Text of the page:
. "8 Implications and Recommendations for Research, Policy, and Practice." Knowing What Students Know: The Science and Design of Educational Assessment. Washington, DC: The National Academies Press, 2001.
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Knowing What Students Know: The Science and Design of Eduacational Assessment
cial assessment design and development. Among the salient federal agencies are the Department of Education, the NSF, and the National Institute of Child Health and Human Development. The research agenda is expansive in both scope and likely duration. It would be sensible for the funding of such work to be coordinated across agencies and, in many instances, pursued cooperatively with foundations and the private sector.
Synthesis of Existing Knowledge
Recommendation 1: Accumulated knowledge and ongoing advances from the merger of the cognitive and measurement sciences should be synthesized and made available in usable forms to multiple educational constituencies. These constituencies include educational researchers, test developers, curriculum specialists, teachers, and policy makers.
As discussed throughout this report, a great deal of the foundational research needed to move the science of assessment forward has already been conducted; however, it is not widely available or usable in synthetic form. This report is an initial attempt at such a synthesis, but the committee recognized from the start of its work that a comprehensive critique, synthesis, and extrapolation of all that is known was beyond the scope of a study such as this and remains a target for the future. Furthermore, there is an ongoing need to accumulate, synthesize, and disseminate existing knowledge—that is, to construct the cumulative knowledge base on assessment design and use that lies at the center of Figure 8–1.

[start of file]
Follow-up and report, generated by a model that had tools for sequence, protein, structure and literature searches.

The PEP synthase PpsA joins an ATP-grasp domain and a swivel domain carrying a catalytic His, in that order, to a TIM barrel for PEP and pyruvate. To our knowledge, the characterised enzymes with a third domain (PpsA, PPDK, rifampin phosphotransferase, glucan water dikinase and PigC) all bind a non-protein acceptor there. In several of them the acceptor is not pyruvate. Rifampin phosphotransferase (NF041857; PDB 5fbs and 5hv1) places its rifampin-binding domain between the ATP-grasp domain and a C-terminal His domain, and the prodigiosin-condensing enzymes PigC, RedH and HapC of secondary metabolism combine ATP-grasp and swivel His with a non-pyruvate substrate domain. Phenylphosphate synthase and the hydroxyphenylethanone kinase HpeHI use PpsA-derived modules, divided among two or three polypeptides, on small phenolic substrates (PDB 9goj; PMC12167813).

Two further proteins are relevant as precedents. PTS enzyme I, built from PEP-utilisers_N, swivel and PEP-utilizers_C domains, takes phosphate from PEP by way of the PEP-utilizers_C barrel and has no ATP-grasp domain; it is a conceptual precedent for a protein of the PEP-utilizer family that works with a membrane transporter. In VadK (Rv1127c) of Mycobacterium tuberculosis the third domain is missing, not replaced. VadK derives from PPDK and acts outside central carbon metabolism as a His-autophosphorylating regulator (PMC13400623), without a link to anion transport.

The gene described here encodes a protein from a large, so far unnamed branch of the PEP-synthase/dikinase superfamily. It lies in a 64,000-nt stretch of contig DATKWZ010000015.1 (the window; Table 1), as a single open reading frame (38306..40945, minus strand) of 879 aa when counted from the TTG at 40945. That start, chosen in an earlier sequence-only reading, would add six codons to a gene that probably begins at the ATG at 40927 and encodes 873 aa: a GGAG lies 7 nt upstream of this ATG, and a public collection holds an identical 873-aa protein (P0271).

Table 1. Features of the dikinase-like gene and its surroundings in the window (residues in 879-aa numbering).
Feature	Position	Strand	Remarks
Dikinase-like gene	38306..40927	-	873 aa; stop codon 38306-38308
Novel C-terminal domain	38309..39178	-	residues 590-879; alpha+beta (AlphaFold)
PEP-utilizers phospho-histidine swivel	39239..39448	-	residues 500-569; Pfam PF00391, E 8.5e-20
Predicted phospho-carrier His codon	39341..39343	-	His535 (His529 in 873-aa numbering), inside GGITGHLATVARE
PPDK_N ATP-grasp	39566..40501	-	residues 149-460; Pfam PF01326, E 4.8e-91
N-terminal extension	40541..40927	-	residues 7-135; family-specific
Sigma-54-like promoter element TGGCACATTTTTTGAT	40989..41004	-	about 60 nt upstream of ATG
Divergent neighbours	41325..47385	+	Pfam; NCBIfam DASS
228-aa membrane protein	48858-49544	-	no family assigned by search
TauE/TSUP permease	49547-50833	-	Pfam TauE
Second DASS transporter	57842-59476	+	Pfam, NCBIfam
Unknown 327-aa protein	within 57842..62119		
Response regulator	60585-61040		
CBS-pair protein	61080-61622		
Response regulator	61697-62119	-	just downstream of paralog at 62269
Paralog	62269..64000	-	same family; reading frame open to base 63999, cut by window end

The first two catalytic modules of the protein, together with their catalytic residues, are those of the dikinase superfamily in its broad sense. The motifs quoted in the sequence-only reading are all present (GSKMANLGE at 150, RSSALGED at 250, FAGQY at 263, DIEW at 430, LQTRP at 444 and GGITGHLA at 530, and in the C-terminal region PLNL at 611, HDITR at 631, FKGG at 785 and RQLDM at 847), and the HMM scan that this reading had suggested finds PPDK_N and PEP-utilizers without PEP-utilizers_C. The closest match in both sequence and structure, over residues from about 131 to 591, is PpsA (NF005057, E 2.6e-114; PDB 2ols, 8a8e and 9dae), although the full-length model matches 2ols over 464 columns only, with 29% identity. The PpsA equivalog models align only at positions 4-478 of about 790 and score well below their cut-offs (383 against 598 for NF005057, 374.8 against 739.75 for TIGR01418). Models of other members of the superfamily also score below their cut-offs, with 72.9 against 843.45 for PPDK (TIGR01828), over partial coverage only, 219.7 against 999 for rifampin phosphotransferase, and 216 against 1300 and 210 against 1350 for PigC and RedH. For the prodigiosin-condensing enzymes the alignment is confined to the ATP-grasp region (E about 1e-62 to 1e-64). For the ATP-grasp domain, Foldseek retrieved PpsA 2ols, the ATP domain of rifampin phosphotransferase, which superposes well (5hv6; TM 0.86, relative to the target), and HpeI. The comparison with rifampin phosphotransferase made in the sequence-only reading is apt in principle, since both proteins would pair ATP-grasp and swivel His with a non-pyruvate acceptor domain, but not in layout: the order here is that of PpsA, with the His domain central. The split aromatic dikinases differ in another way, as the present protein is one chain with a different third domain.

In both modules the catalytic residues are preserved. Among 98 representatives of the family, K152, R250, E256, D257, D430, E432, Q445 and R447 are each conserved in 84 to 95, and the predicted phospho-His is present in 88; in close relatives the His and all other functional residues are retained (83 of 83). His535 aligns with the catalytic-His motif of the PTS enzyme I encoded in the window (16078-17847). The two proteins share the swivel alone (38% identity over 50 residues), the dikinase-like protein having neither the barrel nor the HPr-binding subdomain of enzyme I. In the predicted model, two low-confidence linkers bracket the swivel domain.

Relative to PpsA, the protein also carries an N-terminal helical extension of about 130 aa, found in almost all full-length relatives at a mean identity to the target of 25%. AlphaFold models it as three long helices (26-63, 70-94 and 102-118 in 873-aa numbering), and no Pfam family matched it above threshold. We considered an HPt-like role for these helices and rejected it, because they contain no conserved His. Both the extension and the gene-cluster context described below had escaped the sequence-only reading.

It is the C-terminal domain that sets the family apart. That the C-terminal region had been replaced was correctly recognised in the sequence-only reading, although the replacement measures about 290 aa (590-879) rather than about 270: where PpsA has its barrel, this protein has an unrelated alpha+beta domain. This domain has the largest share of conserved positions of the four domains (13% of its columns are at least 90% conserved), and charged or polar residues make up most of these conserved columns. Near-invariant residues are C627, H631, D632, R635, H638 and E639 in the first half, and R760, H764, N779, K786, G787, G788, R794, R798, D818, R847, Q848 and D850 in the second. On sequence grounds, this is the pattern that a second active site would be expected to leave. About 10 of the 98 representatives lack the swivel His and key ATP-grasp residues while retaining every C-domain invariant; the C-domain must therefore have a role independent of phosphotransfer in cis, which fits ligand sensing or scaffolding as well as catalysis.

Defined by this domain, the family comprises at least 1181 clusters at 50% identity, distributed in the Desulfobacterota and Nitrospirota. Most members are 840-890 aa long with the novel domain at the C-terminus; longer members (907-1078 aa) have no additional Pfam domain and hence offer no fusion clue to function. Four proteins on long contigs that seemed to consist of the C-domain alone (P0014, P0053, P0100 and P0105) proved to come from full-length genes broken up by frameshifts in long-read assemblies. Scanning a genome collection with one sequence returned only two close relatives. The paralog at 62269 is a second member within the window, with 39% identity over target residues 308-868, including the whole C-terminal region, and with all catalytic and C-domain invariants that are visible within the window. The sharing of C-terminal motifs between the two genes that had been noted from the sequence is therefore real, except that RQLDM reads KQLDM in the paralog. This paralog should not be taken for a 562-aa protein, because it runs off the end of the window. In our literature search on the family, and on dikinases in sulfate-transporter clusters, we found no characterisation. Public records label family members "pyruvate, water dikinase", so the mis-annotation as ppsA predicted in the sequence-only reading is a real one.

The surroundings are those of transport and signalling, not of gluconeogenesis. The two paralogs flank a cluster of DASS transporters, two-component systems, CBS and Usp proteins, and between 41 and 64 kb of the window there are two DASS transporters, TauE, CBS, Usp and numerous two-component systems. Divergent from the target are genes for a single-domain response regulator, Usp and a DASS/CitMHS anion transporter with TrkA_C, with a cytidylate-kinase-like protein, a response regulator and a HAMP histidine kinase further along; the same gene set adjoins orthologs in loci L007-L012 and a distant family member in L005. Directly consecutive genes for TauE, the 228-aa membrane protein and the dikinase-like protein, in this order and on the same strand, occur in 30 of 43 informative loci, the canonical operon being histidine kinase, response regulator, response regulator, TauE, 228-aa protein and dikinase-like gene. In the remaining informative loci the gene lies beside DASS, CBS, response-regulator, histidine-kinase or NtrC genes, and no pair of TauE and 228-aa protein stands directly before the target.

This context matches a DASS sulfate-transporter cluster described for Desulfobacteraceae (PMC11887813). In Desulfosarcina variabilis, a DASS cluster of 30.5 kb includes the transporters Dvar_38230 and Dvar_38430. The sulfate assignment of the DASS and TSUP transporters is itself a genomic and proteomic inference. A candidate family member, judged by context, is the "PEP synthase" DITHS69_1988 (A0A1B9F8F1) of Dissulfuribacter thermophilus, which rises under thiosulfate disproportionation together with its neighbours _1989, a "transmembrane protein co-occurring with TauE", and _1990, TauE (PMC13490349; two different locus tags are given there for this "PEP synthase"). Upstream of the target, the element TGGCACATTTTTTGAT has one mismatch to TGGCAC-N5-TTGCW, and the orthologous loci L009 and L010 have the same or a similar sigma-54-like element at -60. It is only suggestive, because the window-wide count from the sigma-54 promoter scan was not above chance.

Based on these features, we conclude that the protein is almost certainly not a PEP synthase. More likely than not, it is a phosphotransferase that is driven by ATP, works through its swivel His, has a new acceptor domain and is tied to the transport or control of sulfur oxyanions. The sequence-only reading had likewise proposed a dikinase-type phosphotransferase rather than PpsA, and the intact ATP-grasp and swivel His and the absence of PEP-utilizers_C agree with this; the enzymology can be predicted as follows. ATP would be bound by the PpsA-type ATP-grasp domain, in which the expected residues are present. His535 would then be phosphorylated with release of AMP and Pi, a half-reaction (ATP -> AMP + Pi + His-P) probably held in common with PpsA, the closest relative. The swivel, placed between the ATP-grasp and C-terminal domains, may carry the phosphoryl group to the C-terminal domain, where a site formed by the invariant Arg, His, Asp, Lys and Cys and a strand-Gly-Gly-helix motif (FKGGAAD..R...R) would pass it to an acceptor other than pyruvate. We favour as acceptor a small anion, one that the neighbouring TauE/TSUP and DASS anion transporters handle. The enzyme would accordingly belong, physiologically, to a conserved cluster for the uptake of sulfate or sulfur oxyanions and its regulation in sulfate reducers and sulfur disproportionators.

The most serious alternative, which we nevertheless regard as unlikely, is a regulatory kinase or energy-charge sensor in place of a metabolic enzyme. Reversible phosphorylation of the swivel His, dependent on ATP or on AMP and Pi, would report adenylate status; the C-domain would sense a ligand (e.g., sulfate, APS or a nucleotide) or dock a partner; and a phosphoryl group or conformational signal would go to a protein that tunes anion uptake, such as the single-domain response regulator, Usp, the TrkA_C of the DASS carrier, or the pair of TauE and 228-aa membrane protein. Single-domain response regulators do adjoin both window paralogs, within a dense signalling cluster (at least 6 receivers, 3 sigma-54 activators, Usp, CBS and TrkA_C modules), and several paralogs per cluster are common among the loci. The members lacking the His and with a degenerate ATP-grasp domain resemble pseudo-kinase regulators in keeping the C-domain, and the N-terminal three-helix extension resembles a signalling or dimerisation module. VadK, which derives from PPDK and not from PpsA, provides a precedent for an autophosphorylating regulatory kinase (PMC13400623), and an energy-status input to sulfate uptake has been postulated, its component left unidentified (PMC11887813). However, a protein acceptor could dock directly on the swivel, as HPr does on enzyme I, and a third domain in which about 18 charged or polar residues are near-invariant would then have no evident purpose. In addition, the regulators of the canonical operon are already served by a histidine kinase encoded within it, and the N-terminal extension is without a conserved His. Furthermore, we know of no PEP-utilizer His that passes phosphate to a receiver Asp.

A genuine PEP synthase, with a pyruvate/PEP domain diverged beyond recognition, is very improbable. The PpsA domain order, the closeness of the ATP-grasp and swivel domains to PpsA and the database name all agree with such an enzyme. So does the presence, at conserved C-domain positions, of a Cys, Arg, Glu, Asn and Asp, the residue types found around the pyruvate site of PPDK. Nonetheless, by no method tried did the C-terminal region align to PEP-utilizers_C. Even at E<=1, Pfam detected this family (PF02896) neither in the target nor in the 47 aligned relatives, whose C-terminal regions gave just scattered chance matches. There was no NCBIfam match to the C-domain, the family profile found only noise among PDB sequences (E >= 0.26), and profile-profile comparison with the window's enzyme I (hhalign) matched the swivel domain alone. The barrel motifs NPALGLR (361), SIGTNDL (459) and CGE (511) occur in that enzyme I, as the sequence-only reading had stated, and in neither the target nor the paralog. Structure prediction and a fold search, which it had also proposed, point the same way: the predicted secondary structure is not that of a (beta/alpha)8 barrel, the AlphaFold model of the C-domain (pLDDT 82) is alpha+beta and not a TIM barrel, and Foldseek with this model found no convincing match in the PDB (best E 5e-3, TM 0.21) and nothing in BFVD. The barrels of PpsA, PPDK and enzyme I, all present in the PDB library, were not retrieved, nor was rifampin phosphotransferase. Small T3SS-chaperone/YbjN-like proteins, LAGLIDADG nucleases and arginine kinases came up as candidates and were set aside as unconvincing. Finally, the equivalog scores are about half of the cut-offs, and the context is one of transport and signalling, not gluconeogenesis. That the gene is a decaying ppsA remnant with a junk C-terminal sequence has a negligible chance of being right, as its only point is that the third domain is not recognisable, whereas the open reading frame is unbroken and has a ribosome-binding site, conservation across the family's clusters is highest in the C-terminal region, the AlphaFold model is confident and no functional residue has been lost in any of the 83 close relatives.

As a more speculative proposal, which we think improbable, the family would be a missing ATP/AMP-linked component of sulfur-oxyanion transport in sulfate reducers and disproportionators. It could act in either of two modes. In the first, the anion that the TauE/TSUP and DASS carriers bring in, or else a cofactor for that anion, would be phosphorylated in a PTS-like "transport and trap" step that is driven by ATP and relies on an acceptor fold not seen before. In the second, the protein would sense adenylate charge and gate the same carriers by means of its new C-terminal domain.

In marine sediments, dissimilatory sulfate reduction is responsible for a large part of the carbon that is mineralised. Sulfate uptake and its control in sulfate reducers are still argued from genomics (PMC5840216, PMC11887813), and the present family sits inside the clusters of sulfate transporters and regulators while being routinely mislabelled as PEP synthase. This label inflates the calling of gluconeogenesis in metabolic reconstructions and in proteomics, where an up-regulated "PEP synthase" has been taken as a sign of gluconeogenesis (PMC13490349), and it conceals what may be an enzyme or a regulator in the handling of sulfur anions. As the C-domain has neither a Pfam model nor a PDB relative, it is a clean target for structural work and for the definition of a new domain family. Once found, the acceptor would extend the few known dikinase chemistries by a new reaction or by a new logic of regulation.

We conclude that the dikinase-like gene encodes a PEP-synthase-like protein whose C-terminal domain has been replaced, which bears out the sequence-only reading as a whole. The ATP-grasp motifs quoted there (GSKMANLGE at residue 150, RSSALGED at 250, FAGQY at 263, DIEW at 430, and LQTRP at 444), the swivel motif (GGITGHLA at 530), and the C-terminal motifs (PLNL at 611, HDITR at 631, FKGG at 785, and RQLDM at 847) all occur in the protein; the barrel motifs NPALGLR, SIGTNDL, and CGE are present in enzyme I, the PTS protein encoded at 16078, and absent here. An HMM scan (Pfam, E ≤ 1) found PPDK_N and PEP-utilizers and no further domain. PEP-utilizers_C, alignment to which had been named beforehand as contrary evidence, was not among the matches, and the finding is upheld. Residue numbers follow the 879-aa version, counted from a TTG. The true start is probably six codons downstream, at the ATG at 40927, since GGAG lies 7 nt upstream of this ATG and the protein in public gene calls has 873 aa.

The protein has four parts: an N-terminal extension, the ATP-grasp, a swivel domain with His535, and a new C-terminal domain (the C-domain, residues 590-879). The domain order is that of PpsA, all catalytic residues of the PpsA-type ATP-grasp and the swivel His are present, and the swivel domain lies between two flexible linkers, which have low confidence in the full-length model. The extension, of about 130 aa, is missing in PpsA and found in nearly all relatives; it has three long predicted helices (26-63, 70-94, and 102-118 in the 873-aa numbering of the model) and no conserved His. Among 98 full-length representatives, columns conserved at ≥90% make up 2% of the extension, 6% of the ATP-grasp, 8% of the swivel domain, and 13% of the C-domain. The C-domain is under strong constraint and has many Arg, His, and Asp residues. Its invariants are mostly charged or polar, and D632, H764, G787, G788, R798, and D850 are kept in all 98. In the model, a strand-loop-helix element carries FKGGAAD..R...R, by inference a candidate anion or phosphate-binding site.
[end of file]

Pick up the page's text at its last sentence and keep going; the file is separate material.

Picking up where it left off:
Expanding the Knowledge Base
Recommendation 2: Funding should be provided for a major program of research, guided by a synthesis of cognitive and measurement principles, focused on the design of assessments that yield more valid and fair inferences about student achievement. This research should be conducted collaboratively by multidisciplinary teams comprising both researchers and practitioners.
A priority should be the development of cognitive models of learning that can serve as the basis for assessment design for all areas of the school curriculum. Research on how students learn subject matter should be conducted in actual educational settings and with groups of learners representative of the diversity of the student population to be assessed.